Europe’s refugee crisis is posing great challenges for the Greek economy and the debt-laden country needs sizable help to cope with the migratory pours, the Organization for Economic Cooperation and Development said on Thursday.
While Greece is struggling to meet the terms of its international bailout which helps it stay afloat, it represents the main gateway into the EU for hundreds of thousands of refugees, mainly from Syria and other war-torn countries.
“The refugee crisis creates significant problems for the Greek economy and growth,” OECD Secretary-General Angel Gurria told reporters after meeting Prime Minister Alexis Tsipras in Athens.
“Greece needs to receive substantial support to deal with this new challenge. No single country can address this challenge on its own,” he said in comments translated into Greek.
His statements came days after European Union leaders froze a deal with Turkey on the migration crisis, saying details remained to be worked out, with a view to reaching an ambitious package agreement at a scheduled summit on March 17-18.
Gurria projected Greece’s economy would not expand this year but grow 1.9 to 2 percent in 2017. He warned that only through reforms the country could exit the debt crisis.
Although Tsipras said last week that he did not want to link the migration crisis with negotiations on bailout targets and debt relief, he still cautioned that Europe’s migrant crisis could affect countries financially.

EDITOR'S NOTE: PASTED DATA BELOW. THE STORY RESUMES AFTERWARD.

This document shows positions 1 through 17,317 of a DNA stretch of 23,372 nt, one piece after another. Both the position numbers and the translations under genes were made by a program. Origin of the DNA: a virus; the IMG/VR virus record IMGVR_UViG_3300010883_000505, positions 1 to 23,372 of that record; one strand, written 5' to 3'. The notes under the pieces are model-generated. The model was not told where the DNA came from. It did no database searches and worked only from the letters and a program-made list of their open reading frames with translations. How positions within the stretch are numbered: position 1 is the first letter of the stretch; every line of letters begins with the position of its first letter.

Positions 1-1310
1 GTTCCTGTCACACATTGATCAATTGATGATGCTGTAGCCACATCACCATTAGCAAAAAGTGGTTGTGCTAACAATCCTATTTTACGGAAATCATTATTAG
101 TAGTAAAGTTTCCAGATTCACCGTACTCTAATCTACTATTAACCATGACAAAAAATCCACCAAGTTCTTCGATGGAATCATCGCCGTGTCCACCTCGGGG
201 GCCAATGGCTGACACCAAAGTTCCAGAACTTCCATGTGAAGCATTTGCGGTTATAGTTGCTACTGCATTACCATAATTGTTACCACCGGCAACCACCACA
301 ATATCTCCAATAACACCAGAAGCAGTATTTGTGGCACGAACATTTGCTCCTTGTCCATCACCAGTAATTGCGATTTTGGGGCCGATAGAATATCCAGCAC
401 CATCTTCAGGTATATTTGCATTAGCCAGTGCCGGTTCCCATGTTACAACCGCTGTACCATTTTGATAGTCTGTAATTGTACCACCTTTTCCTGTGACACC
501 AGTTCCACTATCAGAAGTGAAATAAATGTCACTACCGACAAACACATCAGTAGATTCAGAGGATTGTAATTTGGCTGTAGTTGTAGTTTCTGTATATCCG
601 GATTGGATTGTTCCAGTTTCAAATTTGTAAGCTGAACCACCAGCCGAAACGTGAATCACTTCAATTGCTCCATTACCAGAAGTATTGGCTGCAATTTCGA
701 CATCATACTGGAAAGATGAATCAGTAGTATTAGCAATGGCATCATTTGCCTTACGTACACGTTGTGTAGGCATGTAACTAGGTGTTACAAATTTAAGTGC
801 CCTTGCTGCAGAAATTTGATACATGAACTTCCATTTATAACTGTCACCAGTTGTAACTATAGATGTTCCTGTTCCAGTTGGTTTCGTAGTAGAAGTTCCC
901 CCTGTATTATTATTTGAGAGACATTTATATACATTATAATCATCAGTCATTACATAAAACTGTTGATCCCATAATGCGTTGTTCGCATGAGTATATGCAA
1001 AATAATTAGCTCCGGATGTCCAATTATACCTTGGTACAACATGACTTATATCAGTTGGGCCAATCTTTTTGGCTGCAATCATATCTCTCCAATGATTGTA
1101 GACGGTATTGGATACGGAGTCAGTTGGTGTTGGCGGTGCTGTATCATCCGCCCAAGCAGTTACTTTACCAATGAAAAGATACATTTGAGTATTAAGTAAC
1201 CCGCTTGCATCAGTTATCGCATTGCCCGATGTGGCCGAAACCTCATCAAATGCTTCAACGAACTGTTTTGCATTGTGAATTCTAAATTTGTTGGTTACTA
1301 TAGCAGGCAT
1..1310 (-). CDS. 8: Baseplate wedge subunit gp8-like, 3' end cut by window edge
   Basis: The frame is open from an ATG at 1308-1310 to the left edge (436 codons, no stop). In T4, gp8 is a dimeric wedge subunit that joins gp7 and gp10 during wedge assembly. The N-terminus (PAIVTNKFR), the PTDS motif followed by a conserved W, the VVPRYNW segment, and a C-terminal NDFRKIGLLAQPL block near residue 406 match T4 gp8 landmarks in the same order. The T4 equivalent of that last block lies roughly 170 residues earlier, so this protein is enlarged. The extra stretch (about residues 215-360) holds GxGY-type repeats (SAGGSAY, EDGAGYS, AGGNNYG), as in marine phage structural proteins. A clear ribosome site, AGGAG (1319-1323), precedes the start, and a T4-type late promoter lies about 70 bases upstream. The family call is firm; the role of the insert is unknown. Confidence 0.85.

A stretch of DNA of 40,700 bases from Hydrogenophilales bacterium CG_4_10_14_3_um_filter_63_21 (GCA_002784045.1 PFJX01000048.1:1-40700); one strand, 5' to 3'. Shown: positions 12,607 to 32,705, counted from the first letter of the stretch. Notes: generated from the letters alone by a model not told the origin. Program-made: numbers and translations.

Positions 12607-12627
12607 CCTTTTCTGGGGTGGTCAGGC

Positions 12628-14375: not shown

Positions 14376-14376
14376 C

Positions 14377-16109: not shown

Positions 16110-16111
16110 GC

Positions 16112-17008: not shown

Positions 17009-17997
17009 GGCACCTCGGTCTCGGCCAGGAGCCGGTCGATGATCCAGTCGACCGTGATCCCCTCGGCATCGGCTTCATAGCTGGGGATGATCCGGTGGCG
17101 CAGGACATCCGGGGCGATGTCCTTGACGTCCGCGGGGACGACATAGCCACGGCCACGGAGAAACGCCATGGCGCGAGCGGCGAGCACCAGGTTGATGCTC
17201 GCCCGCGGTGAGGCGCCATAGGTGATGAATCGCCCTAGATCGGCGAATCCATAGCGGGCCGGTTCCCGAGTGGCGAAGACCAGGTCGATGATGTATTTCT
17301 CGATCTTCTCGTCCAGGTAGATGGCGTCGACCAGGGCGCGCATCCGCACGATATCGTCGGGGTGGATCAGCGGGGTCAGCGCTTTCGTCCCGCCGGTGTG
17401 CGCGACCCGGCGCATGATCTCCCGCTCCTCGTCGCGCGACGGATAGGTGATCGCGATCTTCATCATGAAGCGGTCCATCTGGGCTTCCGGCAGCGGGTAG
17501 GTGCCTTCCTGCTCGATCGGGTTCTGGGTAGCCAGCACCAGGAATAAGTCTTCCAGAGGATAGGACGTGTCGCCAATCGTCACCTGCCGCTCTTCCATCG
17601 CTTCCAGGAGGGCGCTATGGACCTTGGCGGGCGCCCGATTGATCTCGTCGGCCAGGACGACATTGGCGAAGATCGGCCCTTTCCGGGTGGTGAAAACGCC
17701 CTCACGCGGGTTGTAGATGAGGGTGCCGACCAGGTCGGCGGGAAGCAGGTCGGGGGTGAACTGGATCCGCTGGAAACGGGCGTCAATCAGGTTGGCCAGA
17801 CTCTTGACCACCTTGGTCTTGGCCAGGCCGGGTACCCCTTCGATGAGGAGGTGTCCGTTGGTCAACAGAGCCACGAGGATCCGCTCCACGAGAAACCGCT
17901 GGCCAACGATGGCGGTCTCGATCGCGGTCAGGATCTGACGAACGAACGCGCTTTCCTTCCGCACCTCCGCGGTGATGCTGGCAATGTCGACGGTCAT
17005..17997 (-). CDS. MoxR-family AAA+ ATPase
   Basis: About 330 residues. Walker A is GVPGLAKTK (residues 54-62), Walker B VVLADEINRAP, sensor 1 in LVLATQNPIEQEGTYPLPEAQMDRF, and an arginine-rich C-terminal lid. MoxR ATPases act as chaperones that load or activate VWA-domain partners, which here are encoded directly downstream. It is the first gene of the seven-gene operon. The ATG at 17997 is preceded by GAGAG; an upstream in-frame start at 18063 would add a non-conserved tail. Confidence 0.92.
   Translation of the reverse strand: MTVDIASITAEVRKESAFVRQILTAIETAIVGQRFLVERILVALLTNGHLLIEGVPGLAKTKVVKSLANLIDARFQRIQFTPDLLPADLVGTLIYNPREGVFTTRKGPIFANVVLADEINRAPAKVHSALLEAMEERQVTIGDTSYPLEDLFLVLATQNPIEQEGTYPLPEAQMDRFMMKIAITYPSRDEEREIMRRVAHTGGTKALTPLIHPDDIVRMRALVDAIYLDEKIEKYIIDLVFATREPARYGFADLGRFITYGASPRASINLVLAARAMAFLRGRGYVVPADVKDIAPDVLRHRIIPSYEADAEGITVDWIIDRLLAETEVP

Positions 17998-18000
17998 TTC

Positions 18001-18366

More than 41,000 refugees and migrants are stranded in Greece, their plans to travel further north blocked by border shutdowns throughout the Balkans.
The European Union launched a new aid program last week worth an initial 700 million euros that mirrors the kind of disaster relief it offers developing nations.
Greece has asked for emergency funding and supplies including tents, blankets, sleeping bags and ambulances, from Europe to deal with the unprecedented crisis.
Greece and its international lenders resumed talks on Wednesday on its fiscal and reform progress, rekindling hopes that its first bailout review may be concluded next month.
Tsipras said on Thursday that Greece will seek a break in bailout debt repayments as part of negotiations with creditors expected in the spring.
A debt relief deal that Athens was “very close” to concluding, he said, would allow Greece to emerge from years of recession and near-zero growth, restore its credibility and lift capital restrictions imposed in June to end a flight of deposits amid political uncertainty.
“This would lead to a positive chain reaction, which will help us return to growth in the third quarter of 2016, right after June and lift capital controls,” he said.